How To: Know the Truth About Fats

This section is for everyone.

What the supposed “healthy eating” guidelines say:

Saturated fat is the main dietary determinant of LDL “bad”cholesterol.

Intake of saturated fat in most European countries is above the 10% limit recommended.

Diabetics appear to be more sensitive to dietary cholesterol than the rest of the population. Eggs, offal and shellfish are particularly high in cholesterol.

Trans-unsaturated fatty acids (often found in manufactured confectionery products and some margarine) and N-6-polyunsaturated fatty acids raise plasma LDL cholesterol.  Trans fatty acids also lower HDL “good” cholesterol.

Diets low in saturated fat and high in carbohydrate or enriched in mono-unsaturated fatty acids with a cis-configuration lower serum LDL. eg cashew nuts, hazelnuts, almonds, herring, salmon, pilchards, mullet, peanut butter, olive oil, rapeseed oil, goose fat and avocado.

N-3-polyunsaturated fatty acids are found in foods such as oil-rich fish such as mackerel, herring, sardines, pilchards, trout, and mullet. N-3-polyunsaturated fatty acid supplements have been shown to lower plasma triglyceride levels in type 2 diabetics but they raise serum LDL levels.

Reduced fat diets  when maintained over the long term, can help to bring about a modest weight loss and an improvement in dyslipidaemia.

Regular use of foods with fat replacers or substitutes is safe and may help to reduce saturated fat and cholesterol intake, but will not reduce total energy intake or weight.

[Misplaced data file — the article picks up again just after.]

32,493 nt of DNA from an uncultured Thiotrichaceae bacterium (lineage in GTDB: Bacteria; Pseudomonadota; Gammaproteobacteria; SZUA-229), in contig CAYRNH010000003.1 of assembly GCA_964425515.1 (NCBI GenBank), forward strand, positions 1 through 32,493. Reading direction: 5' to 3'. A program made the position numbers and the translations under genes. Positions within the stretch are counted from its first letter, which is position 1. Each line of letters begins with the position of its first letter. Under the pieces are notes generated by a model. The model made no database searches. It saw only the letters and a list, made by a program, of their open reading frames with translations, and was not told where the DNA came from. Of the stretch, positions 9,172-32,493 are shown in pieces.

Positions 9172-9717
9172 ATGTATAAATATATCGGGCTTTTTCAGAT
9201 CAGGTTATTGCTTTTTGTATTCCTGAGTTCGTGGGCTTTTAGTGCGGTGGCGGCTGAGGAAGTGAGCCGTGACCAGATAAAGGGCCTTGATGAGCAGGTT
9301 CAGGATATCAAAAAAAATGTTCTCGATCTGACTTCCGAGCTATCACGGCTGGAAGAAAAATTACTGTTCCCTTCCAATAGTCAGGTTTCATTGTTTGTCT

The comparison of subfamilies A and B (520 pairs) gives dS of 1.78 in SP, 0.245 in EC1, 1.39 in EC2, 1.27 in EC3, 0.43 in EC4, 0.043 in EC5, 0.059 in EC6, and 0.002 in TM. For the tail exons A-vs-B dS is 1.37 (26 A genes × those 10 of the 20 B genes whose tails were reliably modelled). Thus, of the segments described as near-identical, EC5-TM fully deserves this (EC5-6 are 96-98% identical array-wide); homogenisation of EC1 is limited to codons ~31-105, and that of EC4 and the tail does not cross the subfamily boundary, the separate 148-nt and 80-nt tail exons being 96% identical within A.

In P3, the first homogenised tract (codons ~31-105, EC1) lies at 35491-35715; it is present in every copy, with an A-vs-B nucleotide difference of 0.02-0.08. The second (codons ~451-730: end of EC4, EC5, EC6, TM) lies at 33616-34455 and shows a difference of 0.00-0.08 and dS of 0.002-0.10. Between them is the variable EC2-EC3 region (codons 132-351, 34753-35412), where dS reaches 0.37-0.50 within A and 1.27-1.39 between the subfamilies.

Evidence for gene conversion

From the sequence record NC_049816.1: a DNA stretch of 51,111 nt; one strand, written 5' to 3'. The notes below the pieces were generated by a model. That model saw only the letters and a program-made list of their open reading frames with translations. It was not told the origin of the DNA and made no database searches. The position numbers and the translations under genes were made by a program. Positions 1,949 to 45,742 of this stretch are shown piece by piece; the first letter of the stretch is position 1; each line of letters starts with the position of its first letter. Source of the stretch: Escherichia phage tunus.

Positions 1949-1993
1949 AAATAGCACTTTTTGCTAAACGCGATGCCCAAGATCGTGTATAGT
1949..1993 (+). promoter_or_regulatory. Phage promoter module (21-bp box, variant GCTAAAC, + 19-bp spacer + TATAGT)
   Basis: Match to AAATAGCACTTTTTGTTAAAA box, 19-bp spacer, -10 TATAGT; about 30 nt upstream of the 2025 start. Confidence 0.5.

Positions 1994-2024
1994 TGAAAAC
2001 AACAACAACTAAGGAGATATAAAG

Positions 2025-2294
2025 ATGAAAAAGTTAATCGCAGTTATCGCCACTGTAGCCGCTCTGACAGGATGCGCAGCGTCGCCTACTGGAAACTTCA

Less than 10% of energy should be from saturated fats. If the serum LDL is greater than 2.60 mmol/litre this should be reduced to less than 7%. If weight loss is desirable or replaced with either carbohydrate or mono-unsaturated fat if weight is to be maintained.

Dietary cholesterol intake should be less than 300mg/day. If the serum LDL is greater than 2.60 this should be reduced to less than 200mg/day.

The intake of trans-unsaturated fatty acids and N-6-polyunsaturated acids should be minimised.

What they should say:

Well they got one thing completely right.  Trans and N-6 polyunsaturated fats should be minimised.  Well done!

Trans, hydrogenated, partially hydrogenated, refined vegetable oils and margarine should not be used for cooking and baking. You can use lard, butter, macadamia nut oil and extra virgin olive oil instead.

As correctly stated these oils are extensively used in processed food products. They are cheap, taste bland and prolong the shelf life of food.  In baked goods they also give a lighter texture than butter and lard for instance. The safest way to avoid them is to make your own food from ingredients that you know are safe.

Hydrogenated oils have been found to increase inflammation in the body and are one of several causative factors in metabolic syndrome and the development of diabetes, heart disease and cancers.

The most important lipid markers for the development of cardiovascular disease are having low HDL, high fasting triglycerides and a high amount of very low density lipoprotein.